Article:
Wednesday, 21 January 2009

Things I remember

Things I remember that don’t happen nowadays – at least not to me!

Taking a can to the hardware store to get it filled with paraffin for the paraffin heather.

The rag and bone man with his horse and cart and later just a handcart coming down the road shouting ‘Any Old Iron’ though it sounded like ‘Neeien’ . The shout and clip clop of the horse’s hooves are probably the most evocative sound of the road in the 1950s. By the time the 1960s came the horses had disappeared and vans from Hunter’s Handy Hams hurtled down the road at great speed to the real annoyance of the residents.

Elasticated belts of red and green stripes with an s-shaped metal snake clip.

The knife sharpener wheeling his bicycle to the door to sharpen Dad’s shears.

The black burned bits on the top of a rice pudding floating around one’s bowl in a most off-putting manner.

The chimney sweep (Mr Downs) with all his brushes on his bike. Putting a great dustsheet over the fireplace and slowly feeding his brush through, screwing each successive section onto the handle.

We didn't have school trips from prep school - the furthest we went was occasionally across the road to King George V playing fields where a grumpy groundsman would watch the girls tucking their skirts up into their knickers and rolling down the hill or making daisy chains. I can't recall what we boys did (apart from watching the girls!) - I suppose it was catching a tennis ball or handstands or something, we weren't allowed to kick a football there.

Mr Judson driving his Morris Traveller up to the gate and unloading the groceries on the rare occasions we had them delivered.

The fish van coming around and the neighbours looking in the back to choose some fresh fish. I can’t recall Mum ever buying from him.

Standing around, hopping from one foot to the other, as Mum talked to some neighbour or other on the way to the shops.

Being caned by Miss Twomey who had a strong right arm and used it to good effect. She also used a thick cane which bruised your hand and made it throb. Mr Illingworth - who only caned me once - used a thin whippy cane that momentarily stung but the pain of which was gone in a few minutes.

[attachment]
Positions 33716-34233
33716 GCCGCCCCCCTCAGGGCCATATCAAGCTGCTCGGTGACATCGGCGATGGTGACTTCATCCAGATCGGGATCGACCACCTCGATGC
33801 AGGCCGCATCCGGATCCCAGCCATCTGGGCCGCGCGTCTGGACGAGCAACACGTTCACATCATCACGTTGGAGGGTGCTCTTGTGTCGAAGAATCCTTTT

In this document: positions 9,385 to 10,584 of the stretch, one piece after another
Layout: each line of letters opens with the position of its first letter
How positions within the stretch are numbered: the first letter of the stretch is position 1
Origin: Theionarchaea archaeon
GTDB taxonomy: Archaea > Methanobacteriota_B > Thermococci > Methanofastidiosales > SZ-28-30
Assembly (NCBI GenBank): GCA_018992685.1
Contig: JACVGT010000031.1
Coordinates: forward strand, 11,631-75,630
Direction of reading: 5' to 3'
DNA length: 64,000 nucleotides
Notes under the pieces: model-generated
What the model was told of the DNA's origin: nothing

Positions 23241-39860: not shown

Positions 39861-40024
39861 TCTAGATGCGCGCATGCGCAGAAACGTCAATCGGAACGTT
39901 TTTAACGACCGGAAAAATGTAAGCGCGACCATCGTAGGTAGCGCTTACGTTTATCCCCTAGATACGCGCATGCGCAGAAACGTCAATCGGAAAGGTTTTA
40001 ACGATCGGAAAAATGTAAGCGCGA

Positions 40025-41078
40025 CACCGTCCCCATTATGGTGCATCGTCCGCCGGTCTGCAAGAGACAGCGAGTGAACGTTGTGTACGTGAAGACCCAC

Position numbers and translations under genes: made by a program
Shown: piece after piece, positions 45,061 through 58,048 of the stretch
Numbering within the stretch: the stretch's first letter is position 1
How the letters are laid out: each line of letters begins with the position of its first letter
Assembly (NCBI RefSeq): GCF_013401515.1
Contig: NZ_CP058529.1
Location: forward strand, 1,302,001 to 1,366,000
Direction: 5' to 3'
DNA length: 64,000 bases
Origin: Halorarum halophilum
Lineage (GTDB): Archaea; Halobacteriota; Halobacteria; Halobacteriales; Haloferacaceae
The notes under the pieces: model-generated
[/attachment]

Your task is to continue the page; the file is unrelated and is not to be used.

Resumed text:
Mum working from home doing jobs like making hares for the race track. Her boss would drop off wire frames and loads of calico and she would sew the hares. Special occasions demanded posh hares and these were of a gold plush material which was awful to sew because it kept slipping.

The attic room at Nana’s with thousands of locks and keys from Grandpa's case-making days.

When a horse (presumably pulling the coal cart, milk cart or rag and bone cart) deposited its droppings outside our house one time Dad went out with a brush and shovel to get the manure for his roses.

Fish and chips served in newspaper.

Sugar butties with plenty of butter – how’s that for healthy eating! (I should point out they were an exceptional treat!)


  1. I'd be hard pressed to come up with such a list because my memory is terrible. However I recall Mr Judson when he had a beige Ford Prefect and delivered groceries every Thursday evening.

    Things are returning to me. Perhaps....

  2. Please explain a sugar buttie. Surely Father this wasn't just buttercream in a sandwich - yuck! Although perhaps the bread then had less salt in it making it more appetising?

  3. Bread (white) with butter lavishly spread on it and then sugar sprinkled on top!
    (Nowadays, apart from the fact that I don't eat sugar butties, I control my own amount of salt in bread because I make my own.)

  4. Oh those sugar butties! they were divine.

    Lovely memories for me too.

    Love Granny